As Megan Day goes through life there’s a narrator in her mind. Sometimes it's helpful, reminding her what she needs from the store or what’s on her to-do list. Other times, it’s introspective and she plays out an emotionally-charged debate in her head.
“A lot of times, I don't actually follow through, but I feel better afterwards because I've had the internal dialogue with myself on how I'm feeling,” the 40-year-old mom and Stella and Dot consultant in Cincinnati told TODAY.
Like others, she was really surprised when she came across a blog a week ago about "internal monologues" that dropped a bombshell: Not everyone has one.
“I was totally shocked,” she said. “I can’t imagine not having that in their brains, like the voice in your head isn’t coming through. It just blew my mind.”
When Molly Muldowney read about it, she was also stunned — but for a different reason. She had no idea she was unusual. The stay-at-home mom and massage therapist from Cleveland Heights said she doesn’t hear a voice in her head. At first, she felt badly about it, like there was something wrong with her. She even experimented with adding a narrator.
“I'm like, ‘OK, well, let me try to give myself an internal monologue’ and I've tried and I must tell you it's like hot mush in the brain," the 27-year-old told TODAY. "It’s totally exhausting and I can't do it."
Instead, Muldowney suspects she’ll do what she’s done in the past and simply talk out her thoughts.
“I tend to have to vent to people about it,” she said.
While the blog sparked debate between the haves and have nots, experts agree that everyone has some sort of internal monologue.
“We do all, in fact, have what we colloquially refer to as an inner voice,” Ethan Kross, director of the Self-Control and Emotion Laboratory at the University of Michigan, told TODAY. “If I were to ask you to read a passage in your head or silently repeat the phone number when you're trying to memorize it or rehearse something that you're about to say to someone else, you're activating that inner voice.”
That's the basic function of an inner voice — completing tasks. As toddlers, children start developing their own voice by repeating out loud what a parent tells them. That's how they learn to manage themselves and they soon realize it should be a quiet conversation.
“They eventually learn you have internal dialogue,” Jennifer Beckjord, senior director of clinical services for UPMC Western Behavioral Health told TODAY. “(Internal self-talk) helps them make sense the world around them, to evaluate situations ... to engage in a protective mechanism or to create.”
For those like Muldowney who don't generally self-talk, they might simply experience their inner lives differently.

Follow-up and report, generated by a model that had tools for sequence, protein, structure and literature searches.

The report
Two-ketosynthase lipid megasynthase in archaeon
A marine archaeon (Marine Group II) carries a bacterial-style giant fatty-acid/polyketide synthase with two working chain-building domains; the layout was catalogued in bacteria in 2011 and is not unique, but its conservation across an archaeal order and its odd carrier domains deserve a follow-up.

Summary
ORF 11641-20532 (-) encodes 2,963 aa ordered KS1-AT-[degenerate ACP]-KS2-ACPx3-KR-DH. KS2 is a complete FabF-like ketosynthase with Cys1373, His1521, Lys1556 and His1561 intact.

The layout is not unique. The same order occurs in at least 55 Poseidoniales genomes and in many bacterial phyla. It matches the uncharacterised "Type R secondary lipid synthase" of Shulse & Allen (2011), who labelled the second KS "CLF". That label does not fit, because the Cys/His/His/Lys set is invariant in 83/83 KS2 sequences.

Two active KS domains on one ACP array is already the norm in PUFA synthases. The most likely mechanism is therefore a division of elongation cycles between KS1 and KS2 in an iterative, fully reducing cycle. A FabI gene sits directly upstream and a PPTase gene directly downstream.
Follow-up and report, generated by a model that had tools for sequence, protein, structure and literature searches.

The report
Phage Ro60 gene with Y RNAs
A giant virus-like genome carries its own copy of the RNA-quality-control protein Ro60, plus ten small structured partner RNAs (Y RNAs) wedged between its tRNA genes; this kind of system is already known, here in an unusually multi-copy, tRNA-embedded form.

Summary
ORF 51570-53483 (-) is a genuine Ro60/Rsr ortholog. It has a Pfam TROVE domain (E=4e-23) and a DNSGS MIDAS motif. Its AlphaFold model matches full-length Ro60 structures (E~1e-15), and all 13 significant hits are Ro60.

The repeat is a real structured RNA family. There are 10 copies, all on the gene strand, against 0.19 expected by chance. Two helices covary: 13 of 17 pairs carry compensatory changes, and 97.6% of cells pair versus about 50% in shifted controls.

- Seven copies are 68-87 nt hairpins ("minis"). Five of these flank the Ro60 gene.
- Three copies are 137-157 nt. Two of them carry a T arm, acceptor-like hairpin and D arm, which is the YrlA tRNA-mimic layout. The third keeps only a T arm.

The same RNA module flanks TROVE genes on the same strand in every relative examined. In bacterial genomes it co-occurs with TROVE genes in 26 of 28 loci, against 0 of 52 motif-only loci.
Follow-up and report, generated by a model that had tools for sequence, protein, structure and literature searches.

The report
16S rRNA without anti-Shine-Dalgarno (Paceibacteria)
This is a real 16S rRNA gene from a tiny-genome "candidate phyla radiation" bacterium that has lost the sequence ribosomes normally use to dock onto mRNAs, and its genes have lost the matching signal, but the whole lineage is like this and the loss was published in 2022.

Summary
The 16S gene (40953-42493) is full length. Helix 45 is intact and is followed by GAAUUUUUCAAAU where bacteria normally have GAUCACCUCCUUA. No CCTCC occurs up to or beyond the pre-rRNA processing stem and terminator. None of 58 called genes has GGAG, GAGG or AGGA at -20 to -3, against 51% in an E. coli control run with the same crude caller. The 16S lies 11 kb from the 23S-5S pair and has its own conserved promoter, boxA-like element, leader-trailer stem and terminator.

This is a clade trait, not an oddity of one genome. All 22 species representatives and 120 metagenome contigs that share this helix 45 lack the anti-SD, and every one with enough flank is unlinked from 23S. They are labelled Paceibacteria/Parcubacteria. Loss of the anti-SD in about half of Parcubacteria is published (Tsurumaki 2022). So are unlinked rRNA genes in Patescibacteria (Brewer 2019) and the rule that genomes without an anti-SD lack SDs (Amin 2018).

“Internal monologue probably comes in degrees of abstractness — some people may simply use the most abstract form that does not ‘sound’ like speech. Other people may tend to rely more on visual imagery,” Mark Scott, an assistant professor of linguistics at Qatar University, told TODAY, via email. “Not having an internal monologue does not mean that there is something wrong with a person.”
Research backs this up. Kross says people who are hearing impaired have internal monologues that involve signing and some people see images instead of hearing words.
“Everyone has thoughts going on,” Thea Gallagher, clinic director at the Center for Treatment and Study of Anxiety in the Perelman School of Medicine at the University of Pennsylvania, told TODAY. “Some people don’t have it in their own voice. They are more abstract.”
Research hasn’t examined why some people have a more narrative tone to their internal monologues. But some studies have looked at the stories people tell themselves.
“There are countless studies on autobiographical reasoning that look at people's tendency to tell stories about their lives," Kross said. "That capacity to tell a particular story is often crucial to helping people adjust to negative life experiences.”
An inner voice can help people understand the world and engage in it. But, sometimes, that inner monologue turns negative or becomes fixated on a thought. This obsession can be a sign of something else.
“Some of that ruminating that people can do is more of an anxiety process,” Gallagher said. “If you find that you are over-analyzing and going through scenarios (that can be a problem).”
People often worry that "hearing voices" is a sign of serious mental illness. Pop culture equates these voices with schizophrenia or serial killers like Son of Sam, who claimed his neighbor’s dog told him to kill. But, for most people, hearing a voice, even if they believe it is divine, isn’t a sign that anything’s wrong.
“Many (religiously) observant individuals report hearing the voice of God,” Kross said. “These are people who are perfectly well-functioning, but who simply represent their inner voice in that way.”